Okay, I know that every other book blogger out there read The Thirteenth Tale before I did -- but I stayed up until one o'clock last night to finish it, and it blew my mind, and so I'm going to talk about it anyway. Y'all can just lump it. Or, if you like, you can go watch a video of a laughing baby instead. It's all good.
So, The Thirteenth Tale! There's a chick named Margaret who works/lives in a bookshop, and one day she gets a mysterious letter from Miss Vida Winter, England's most beloved novelist ever to exist ever. Miss Winter is also very secretive, and makes up stories when asked for her biography. To Margaret's great surprise, she invites her to visit her big house up on the moors, and to write Winter's authorized biography. Predictably, Margaret accepts -- and that's probably enough back-story right there.
Here's the thing: for the first, I dunno, third of the novel, The Thirteenth Tale reads like a hymn to reading. It's full of passages like this:
Rising from the stairs I stepped into the darkness of the shop. I didn't need the light switch to find my way. I know the shop the way you know the places of your childhood. Instantly the smell of leather and old paper was soothing. I ran my fingertips along the spines, like a pianist along his keyboard. Each book had its own, individual note: the grainy, linen-covered spine of Daniels' History of Map Making; the cracked leather of Lakunin's minutes from the meetings of the St. Petersburg Cartographic Academy; a well-worn folder that contains his maps, hand-drawn, hand-coloured. You could blindfold me and position me anywhere on the three floors of this shop, and I could tell you from the books under my fingertips where I was. (p 12)
Lives -- dead ones -- are just a hobby of mine. My real work is in the bookshop. My job is not to sell the books -- my father does that -- but to look after them. Every so often I take out a volume and read a page or two. After all, reading is looking after in a manner of speaking. Not old enough to be valuable for their age alone, nor important enough to be sought after by collectors, my charges are dear to me even if, as often as not, they are as dull on the inside as on the outside. No matter how banal the contents, there is always something that touches me. For someone now dead once thought these words significant enough to write them down.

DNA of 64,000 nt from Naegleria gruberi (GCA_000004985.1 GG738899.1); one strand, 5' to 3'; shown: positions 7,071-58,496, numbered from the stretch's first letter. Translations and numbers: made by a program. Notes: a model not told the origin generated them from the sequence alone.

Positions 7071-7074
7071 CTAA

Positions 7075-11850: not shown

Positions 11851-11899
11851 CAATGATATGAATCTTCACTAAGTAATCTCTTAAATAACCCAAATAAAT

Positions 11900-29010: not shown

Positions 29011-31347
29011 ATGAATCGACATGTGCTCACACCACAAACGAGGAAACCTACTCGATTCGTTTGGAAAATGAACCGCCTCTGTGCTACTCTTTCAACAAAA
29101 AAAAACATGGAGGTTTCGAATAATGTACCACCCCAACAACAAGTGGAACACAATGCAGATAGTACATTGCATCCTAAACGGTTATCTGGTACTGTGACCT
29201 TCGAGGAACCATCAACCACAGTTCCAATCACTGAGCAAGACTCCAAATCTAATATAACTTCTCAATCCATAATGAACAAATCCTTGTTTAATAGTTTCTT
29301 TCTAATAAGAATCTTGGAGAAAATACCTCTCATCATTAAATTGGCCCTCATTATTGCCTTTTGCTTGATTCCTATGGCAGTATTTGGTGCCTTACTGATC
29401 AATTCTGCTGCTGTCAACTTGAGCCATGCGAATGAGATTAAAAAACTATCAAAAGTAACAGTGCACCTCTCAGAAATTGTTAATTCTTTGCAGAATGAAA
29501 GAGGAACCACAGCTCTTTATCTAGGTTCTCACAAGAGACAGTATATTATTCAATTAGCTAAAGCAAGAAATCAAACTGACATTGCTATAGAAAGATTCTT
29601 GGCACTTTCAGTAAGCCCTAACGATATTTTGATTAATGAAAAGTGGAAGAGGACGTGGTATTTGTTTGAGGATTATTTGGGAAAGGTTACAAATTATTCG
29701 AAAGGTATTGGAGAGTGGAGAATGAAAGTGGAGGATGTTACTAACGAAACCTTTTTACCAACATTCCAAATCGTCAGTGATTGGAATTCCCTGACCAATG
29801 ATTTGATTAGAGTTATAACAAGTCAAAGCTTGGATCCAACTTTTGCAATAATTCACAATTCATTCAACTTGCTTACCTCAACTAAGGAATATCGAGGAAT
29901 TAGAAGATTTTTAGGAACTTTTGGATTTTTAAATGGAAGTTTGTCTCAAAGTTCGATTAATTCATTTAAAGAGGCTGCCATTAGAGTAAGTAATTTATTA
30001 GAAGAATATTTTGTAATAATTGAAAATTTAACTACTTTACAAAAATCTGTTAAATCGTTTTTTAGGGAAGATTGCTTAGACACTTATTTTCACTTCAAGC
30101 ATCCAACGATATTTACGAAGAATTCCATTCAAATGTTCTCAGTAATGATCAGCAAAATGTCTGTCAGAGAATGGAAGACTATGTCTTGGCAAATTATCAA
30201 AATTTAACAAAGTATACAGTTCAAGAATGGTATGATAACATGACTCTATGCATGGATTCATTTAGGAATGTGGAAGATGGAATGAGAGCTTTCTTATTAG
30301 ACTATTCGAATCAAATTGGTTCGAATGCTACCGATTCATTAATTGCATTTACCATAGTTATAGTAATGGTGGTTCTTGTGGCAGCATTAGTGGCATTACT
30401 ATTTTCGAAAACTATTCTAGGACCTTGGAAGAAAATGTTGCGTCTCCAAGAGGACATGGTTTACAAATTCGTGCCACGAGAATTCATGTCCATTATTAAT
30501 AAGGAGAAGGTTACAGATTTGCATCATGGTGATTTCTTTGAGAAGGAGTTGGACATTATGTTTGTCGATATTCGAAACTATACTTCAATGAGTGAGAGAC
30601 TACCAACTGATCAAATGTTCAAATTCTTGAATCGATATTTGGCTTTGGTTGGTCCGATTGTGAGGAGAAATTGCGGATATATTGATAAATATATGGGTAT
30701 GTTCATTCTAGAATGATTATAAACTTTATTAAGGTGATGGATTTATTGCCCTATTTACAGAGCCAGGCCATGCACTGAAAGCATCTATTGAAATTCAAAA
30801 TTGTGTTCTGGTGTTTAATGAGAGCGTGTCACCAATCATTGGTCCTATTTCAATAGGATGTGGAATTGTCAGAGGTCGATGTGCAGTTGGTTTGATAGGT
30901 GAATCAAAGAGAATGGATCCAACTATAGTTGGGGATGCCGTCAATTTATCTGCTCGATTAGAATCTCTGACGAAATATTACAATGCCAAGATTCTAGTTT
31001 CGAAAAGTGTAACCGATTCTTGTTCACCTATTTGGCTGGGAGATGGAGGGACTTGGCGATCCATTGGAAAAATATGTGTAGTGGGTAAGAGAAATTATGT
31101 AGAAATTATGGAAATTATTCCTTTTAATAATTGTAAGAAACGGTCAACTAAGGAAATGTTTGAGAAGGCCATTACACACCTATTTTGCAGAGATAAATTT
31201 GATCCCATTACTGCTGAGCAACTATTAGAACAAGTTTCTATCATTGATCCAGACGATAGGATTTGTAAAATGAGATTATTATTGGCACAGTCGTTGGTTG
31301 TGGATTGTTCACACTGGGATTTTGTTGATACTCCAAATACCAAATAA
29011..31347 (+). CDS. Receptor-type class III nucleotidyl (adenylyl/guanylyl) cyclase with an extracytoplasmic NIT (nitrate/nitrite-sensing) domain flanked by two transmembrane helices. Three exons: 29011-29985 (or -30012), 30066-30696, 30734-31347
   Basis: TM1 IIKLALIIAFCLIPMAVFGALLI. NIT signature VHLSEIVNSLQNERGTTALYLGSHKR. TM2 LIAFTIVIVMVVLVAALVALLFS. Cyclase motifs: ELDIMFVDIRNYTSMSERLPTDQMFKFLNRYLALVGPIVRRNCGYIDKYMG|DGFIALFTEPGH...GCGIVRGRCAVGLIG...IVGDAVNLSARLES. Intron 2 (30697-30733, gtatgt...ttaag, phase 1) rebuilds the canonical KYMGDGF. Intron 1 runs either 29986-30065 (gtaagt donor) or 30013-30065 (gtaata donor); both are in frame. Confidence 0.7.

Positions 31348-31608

People disappear when they die. [. . .] Yet for some there is an exception to this annihilation. For in the books they write they continue to exist. We can rediscover them. Their humour, their tone of voice, their moods. Through the written word they can anger you or make you happy. They can comfort you. They can perplex you. They can alter you. All this, even though they are dead. Like flies in amber, like corpses frozen in ice, that which according to the laws of nature should pass away is, by the miracle of ink on paper, preserved. It is a kind of magic.
As one tends to the graves of the dead, so I tend the books. I clean them, do minor repairs, keep them in good order. And every day I open a volume or two, read a few lines or pages, allow the voices of the forgotten dead to resonate inside my head. (p 17)
I have to say that I find Diane Setterfield's writing style kind of ... annoying. All those weighty pronouncements and similies, and weird sentence structure. But I love what she's saying, and this book is like the Harry Potter books: the prose is really not that great, but the plotting is amazing.
Because you see, Miss Winter's life is not so simple. There are wacko siblings, and (presumed) incest, and twins, and murders, and fires, and illegitimate children, and you're always caught wondering what happened next, and who everyone really is, and oh, it's all so beautiful and crazy and I couldn't put it down. I read the whole thing yesterday, late into the night, and it's a rare book indeed that makes me miss bedtime. About six times I was sure that I had figured the mystery out, and put every puzzle piece into its place -- but I was wrong every time, and while I obviously won't spoil the ending here I will say this: it's good. I'll bet that book-clubs love this thing. And as with the best of mysteries, I can't wait to read this again, so that I can find all of the things I missed in the first place.
I think that my main beef with The Thirteenth Tale is the prose: it's a little overblown. And all of the characters spoke with what, to me, seemed like the same voice: Margaret, Miss Winter, Hester, Aurelius, everyone. So, that part of things is maybe not so good. But I can overlook it, because the story is just. so. good.